People with pacemakers or implantable defibrillators need to be aware of the potential risks.
Small electrical currents from wearable devices and smart scales can interfere with pacemakers and implantable defibrillators, according to new research.
And an Australian expert has warned people should be aware of the potential for interference, while calling for more research.
Smartwatches, smart rings and smart scales that measure heart rate, stress and body composition through bioimpedance use a type of sensing technology whereby a very small electric current flows through the body, and that’s where the risk arises.
A new study published in Heart Rhythm suggests the slight electrical currents used in bioimpedance in wearable devices can “confuse” existing cardiac implantable electronic devices such as pacemakers and cardioverter-defibrillators.
US researchers, using computer simulations to determine the degree of electrical interference afforded by smart devices in people with implanted electronic cardiac devices, found evidence that in certain situations the voltage of the interference exceeded the threshold value for safety as defined by the FDA standard (ISO14177).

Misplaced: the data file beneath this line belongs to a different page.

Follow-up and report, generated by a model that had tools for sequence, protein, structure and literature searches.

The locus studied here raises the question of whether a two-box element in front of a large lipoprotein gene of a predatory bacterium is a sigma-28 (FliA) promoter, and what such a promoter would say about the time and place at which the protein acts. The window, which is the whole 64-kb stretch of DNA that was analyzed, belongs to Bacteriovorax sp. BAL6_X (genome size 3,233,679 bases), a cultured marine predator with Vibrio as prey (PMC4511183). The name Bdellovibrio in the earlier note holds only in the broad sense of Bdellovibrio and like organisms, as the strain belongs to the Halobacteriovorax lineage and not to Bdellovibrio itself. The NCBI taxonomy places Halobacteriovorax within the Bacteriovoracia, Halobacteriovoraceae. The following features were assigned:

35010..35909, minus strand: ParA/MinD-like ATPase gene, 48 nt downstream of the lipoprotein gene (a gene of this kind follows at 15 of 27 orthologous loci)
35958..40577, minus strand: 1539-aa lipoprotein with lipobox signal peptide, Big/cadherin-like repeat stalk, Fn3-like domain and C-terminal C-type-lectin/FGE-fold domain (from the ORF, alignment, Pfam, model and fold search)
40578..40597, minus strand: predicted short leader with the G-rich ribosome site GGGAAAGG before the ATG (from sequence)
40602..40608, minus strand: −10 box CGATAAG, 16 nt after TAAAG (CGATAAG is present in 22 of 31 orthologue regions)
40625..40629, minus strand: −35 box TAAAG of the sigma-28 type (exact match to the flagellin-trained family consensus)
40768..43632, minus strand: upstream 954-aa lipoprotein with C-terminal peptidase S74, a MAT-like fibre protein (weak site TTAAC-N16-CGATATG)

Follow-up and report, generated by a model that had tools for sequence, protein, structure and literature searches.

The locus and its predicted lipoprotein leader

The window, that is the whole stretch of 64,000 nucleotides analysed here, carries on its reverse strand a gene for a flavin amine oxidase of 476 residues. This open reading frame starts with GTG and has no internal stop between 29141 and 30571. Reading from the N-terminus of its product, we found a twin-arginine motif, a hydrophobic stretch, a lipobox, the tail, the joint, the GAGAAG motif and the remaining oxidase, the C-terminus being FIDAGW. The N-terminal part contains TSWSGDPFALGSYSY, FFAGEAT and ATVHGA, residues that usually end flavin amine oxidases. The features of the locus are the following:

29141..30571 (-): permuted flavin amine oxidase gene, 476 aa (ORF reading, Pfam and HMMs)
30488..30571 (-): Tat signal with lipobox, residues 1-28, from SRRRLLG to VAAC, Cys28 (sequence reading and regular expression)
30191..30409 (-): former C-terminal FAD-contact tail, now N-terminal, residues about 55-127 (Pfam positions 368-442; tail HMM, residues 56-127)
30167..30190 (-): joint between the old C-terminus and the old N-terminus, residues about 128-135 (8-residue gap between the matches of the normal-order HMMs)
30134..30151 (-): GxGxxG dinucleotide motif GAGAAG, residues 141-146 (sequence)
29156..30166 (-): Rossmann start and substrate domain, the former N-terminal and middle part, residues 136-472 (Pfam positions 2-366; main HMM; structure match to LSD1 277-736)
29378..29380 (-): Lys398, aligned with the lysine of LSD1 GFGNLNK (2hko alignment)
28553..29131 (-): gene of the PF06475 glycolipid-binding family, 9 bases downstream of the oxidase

They also found smartwatches generated more interference than smart rings or scales.
Smart devices could interfere with implanted electric devices, the study authors said, and patients depending on pacemakers to live could face severe consequences.
“If the pacemaker gets confused by interference, it could stop working … If that interference is for a prolonged time, the patient could pass out or worse,” they said.
The findings of this study are a cause for some concern, an Australian expert suggests.
“As more Australians wear smartwatches and other devices with body-monitoring technology, it is important to understand any possibility of interference with life-saving medical devices like implantable cardioverter-defibrillators and permanent pacemakers,” said Professor Garry Jennings, a cardiologist and chief medical advisor at the Heart Foundation.
But while the findings “raise a red flag”, they did not convey an immediate risk to patients, the study authors said.
“These results call for future clinical studies evaluating the translation of our findings to patients wearing cardiac implantable electronic devices and using these wearable devices,” they wrote.
Professor Jennings agreed with the call for further “real-life” research. He also advised smart device users to book in with their GP if they received an abnormal reading pertaining to their heart health.
“Any data or findings you receive from your device should be used, interpreted and discussed with your doctor in the context of [your] overall health,” he told The Medical Republic.